Are you a working professional? Then you retouch. That’s a bit abrasive, forgive me, but that’s the truth. If there’s any doubt about this in your mind, I urge you to consider spending some time looking up retouching tutorials and their popularity. You can search for a minute or a month and you will see no end in sight. From instructional videos on how to remove a pimple from your face on prom night, to turning your date’s wild hair that looks like it belongs on the fields of the Serengeti into something that belongs in a Pantene commercial, to how to turn a geek into a muscled freak; anything is possible. So you’ll never have to wonder if you could, but rather more importantly if you should. When it comes to Photoshop, or broader digital retouching, there are ethics involved.
There’s a sort of dichotomy of personalities when it comes to retouching. Typically, it’s either viewed enthusiastically with the wonder of a child whose just witnessed for the first time a rabbit pulled from a hat, or with a bit of disdain. As photographers, we unite as a paradox that is made up of both, and so the discussion is somewhat never-ending. It’s always interesting to hear from the most major of players how they view retouching – if they vilify it, or defend it, and why.
In this episode of #BehindTheGlass, we hear from Nigel Barker, who has been a professional on both sides of the camera. He’s internationally recognized for his body of work and features on various ‘Next Top Model productions, speaks about his idea of borders. While the discussion lives in the grey area, there are often borders that photographers and retouchers set for themselves, not to be crossed. How far out that line may be varies, and Barker seems to draw the line at altering bone structure to any real degree.
He goes on to speak historically of the existence of people ‘retouching’ the way they look via the use of make-up. Actually, he essentially references anything that manipulates how one would naturally look, from the black eye make-up of the Egyptians, to the ‘lotus foot’ of the Chinese who wanted their feet to appear smaller. Speaking to modern times, he speaks about how much of what we do as photographers, we do to make people look a certain way, such as using light to shape a figure.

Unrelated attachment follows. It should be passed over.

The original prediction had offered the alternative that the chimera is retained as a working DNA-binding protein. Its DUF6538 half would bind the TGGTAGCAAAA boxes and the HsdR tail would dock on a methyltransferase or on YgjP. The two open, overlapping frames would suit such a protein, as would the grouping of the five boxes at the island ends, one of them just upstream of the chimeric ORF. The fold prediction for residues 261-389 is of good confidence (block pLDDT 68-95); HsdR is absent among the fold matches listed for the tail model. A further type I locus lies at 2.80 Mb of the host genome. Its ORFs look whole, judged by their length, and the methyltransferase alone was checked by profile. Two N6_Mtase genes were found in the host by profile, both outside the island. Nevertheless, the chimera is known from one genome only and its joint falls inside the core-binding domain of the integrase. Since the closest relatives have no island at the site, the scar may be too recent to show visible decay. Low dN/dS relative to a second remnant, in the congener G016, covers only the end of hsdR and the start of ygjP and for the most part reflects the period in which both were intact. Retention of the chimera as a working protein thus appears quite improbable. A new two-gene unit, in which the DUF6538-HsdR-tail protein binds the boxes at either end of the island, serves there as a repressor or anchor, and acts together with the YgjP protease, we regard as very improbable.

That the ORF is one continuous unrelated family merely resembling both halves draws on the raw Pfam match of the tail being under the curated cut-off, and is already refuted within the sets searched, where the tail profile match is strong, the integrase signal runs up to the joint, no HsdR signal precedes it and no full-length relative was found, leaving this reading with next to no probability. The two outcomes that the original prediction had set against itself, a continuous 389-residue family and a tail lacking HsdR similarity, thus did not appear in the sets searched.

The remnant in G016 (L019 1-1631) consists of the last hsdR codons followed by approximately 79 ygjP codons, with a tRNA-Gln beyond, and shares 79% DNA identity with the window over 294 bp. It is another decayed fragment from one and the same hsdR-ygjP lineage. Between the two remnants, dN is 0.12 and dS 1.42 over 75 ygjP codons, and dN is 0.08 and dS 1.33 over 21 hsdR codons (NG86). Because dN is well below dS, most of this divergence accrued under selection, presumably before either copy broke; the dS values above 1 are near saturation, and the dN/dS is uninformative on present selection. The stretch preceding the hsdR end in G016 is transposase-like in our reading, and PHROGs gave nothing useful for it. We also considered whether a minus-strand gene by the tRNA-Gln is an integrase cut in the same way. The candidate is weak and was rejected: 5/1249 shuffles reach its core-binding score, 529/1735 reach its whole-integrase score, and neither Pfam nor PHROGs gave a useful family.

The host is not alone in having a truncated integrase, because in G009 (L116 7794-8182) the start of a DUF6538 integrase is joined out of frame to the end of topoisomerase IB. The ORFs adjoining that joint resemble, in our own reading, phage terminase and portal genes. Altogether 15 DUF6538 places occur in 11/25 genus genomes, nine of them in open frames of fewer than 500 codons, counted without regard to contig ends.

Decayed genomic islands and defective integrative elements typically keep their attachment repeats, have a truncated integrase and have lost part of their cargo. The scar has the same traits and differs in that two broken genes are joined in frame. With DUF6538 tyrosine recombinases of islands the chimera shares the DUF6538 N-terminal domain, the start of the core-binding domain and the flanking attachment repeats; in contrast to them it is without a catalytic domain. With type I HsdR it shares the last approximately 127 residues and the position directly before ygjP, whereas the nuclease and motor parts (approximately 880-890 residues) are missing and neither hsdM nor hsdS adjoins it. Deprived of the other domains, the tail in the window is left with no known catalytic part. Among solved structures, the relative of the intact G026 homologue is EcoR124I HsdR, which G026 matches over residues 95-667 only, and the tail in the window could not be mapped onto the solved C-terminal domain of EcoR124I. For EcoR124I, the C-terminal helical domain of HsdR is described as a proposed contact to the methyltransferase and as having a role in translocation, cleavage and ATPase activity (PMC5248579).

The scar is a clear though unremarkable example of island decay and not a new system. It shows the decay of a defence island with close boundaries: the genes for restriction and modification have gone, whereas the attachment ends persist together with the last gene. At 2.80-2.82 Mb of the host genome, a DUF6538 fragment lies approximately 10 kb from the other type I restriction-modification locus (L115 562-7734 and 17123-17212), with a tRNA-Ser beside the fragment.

What it seems he is getting at is that the idea of manipulating the way someone looks is historically prevalent, and that to some degree we all do it, so to vilify what we do digitally now, would seem hypocritical. We all make choices and take actions to ‘shape’ how we look. Our hairstyles do that, our clothes and how we wear them, make-up, and the list would go on.
It stands to be said that he doesn’t dignify all retouching, especially pertaining to digital manipulation of bone structure, but references how creating a shape with light is fine. To be honest, I’m generally in his camp. I believe it must be understood that the answers to each case are not binary – it’s all subjective.
I think digital retouching, as a practice, is still something we are learning to use responsibly, and it will take time to get it as close to right as possible, and then it’ll change again as the times do. Generally, I see little wrong with altering bone structure and so forth of the image; there are scenarios where I think it’s fine, such as if it’s being used for commercial purposes. Advertising is about selling, and humans are drawn to what we perceive as better than we may be. (Also, if you’re still under the misapprehension that nothing quite changes appearance like Photoshop, I’d recommend taking a look at what women are doing everyday with make-up and how it alters the look of physical structure. It’s mind blowing, and often more intensive and altering than any retouching I do).
This is not a new notion at all, and you needn’t go back millennia to see this. If you’ve got time, Google some images of golden age actresses like Vivien Leigh or Betty Davis and notice how perfect their skin and structure often look, shaped with light, dodged and burned. Or even to drawn advertisements in the 60’s depicting families with fathers that had jawlines sharper than their wit.
The only real consideration I think needs to be taken here is the effect on youth.
For the most part, adults have the experience and sense to understand that images we see in the media aren’t a representation of what’s real, and don’t fully expect people to appear how they do in marketing materials – and we know that it’s almost all marketing material. Youth however, blessed with naïveté, are often conditioned grossly by media – herein lies the social responsibility. But that being what it is, there should be no expectation from anyone that media changes how they do things because fiscal responsibility to these businesses, large and small, generally trump a social one. Don’t think it should be that way? I wouldn’t waste much time crying about it, because that’s expecting the mountain to come to Muhammed.